The three goaltenders traded for strong draft picks — Huso, Vanacek and Georgiev — were all significantly younger than Reimer and had more NHL experience, success, or both than Kahkonen or Aiden Hill. Two of the teams that appear to need Reimer’s services the most – Edmonton and Washington – have already signed two of the best UFAs on the market to big deals.
Other groups that appear to be business partners for one of the three, such as No. 1B/No. 2 (Toronto, St. Louis, New York Rangers, Pittsburgh) signed free agents for $2 million or less. That makes them the cheapest of the three San Jose goalkeepers.
Could Grier/Sharks have missed the opportunity to move on from them before the draft? Sure, but also keep in mind that he was drafted on the Tuesday before the draft and there were sad, stressful situations on the Wednesday. Is it possible that there wasn’t a strong enough market for Reimer or Kahkonen or Hill to trade one of them? for sure.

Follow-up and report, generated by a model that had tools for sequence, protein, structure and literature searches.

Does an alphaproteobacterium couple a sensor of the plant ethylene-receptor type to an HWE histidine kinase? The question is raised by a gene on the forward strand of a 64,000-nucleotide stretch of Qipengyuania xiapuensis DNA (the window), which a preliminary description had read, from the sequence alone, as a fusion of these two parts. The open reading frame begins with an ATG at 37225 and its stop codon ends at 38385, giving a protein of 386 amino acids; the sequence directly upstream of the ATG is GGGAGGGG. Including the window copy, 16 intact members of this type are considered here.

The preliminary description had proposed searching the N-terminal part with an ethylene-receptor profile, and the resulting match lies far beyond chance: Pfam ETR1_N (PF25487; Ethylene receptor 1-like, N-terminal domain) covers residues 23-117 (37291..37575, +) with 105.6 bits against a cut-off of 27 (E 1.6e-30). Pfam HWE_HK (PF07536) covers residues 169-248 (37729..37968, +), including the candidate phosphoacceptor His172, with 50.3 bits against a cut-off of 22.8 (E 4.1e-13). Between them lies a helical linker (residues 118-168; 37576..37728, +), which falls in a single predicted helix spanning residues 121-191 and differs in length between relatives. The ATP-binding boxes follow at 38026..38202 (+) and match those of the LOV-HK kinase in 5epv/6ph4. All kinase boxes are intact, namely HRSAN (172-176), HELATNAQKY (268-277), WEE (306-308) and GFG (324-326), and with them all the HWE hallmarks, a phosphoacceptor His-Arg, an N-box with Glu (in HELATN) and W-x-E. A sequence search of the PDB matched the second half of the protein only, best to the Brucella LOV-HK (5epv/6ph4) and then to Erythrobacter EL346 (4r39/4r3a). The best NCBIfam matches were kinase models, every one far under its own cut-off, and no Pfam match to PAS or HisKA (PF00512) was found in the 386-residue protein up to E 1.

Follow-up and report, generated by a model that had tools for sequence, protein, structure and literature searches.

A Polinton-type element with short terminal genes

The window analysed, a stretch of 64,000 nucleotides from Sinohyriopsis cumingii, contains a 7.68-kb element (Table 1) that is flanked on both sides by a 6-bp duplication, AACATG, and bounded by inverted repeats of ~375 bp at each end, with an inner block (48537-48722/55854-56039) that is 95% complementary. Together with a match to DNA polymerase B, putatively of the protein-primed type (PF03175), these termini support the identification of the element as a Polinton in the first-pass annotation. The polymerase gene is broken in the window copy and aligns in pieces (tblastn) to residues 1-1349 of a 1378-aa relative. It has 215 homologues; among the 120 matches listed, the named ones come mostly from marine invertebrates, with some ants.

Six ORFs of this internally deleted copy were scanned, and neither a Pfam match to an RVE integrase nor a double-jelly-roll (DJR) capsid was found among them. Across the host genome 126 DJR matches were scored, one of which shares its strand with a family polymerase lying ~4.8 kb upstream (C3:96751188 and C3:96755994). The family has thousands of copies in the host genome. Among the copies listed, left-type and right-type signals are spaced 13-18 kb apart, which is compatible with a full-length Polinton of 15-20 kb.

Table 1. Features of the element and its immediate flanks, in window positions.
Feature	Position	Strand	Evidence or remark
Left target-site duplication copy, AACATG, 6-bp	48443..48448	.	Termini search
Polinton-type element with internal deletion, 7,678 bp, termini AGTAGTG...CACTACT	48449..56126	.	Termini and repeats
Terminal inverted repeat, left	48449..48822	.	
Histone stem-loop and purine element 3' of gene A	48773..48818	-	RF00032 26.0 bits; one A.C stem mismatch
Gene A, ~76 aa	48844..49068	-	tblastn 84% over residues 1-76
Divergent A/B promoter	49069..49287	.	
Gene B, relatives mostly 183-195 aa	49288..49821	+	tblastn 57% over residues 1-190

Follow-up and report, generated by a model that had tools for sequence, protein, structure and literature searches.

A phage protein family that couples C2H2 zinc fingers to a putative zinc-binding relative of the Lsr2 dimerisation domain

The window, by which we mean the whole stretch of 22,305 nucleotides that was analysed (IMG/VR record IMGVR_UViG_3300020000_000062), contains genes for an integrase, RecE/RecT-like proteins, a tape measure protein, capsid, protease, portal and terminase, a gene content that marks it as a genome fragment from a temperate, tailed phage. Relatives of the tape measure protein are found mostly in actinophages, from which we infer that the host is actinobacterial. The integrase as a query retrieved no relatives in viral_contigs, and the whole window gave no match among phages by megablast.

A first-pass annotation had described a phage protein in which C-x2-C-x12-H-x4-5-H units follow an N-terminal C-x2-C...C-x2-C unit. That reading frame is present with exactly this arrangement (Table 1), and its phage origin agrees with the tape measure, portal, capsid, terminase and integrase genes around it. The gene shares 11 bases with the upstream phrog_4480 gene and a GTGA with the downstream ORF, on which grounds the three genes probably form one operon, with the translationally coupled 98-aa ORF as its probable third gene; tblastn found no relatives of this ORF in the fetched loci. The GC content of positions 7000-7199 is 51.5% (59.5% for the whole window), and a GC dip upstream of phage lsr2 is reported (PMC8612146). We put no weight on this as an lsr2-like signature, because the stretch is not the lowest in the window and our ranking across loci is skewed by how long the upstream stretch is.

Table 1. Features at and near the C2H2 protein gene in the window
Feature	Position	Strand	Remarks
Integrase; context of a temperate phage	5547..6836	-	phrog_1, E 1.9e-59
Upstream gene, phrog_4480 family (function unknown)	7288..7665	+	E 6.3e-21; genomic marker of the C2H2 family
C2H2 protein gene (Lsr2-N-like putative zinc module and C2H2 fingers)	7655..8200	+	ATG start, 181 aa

Where does all this leave them now?
Well, this is still the most obvious opportunity to look good among the other 31 teams with injuries at the position in training camp, and the Sharks have one more NHL goaltender to offer them. One possibility is that the Sharks go into next season with three goals at the NHL level, but considering the number of skaters they have, they’re asking for a waiver that feels unlikely.
Another option is to put Hill on Weaver and keep him with Barracuda until one of Remer or Kahkonen gets hurt. That leaves the door open for the Sharks to lose Hill for nothing, which seems bad because they gave up a second-round pick for him last summer, but that’s not what concerns Grier’s roster.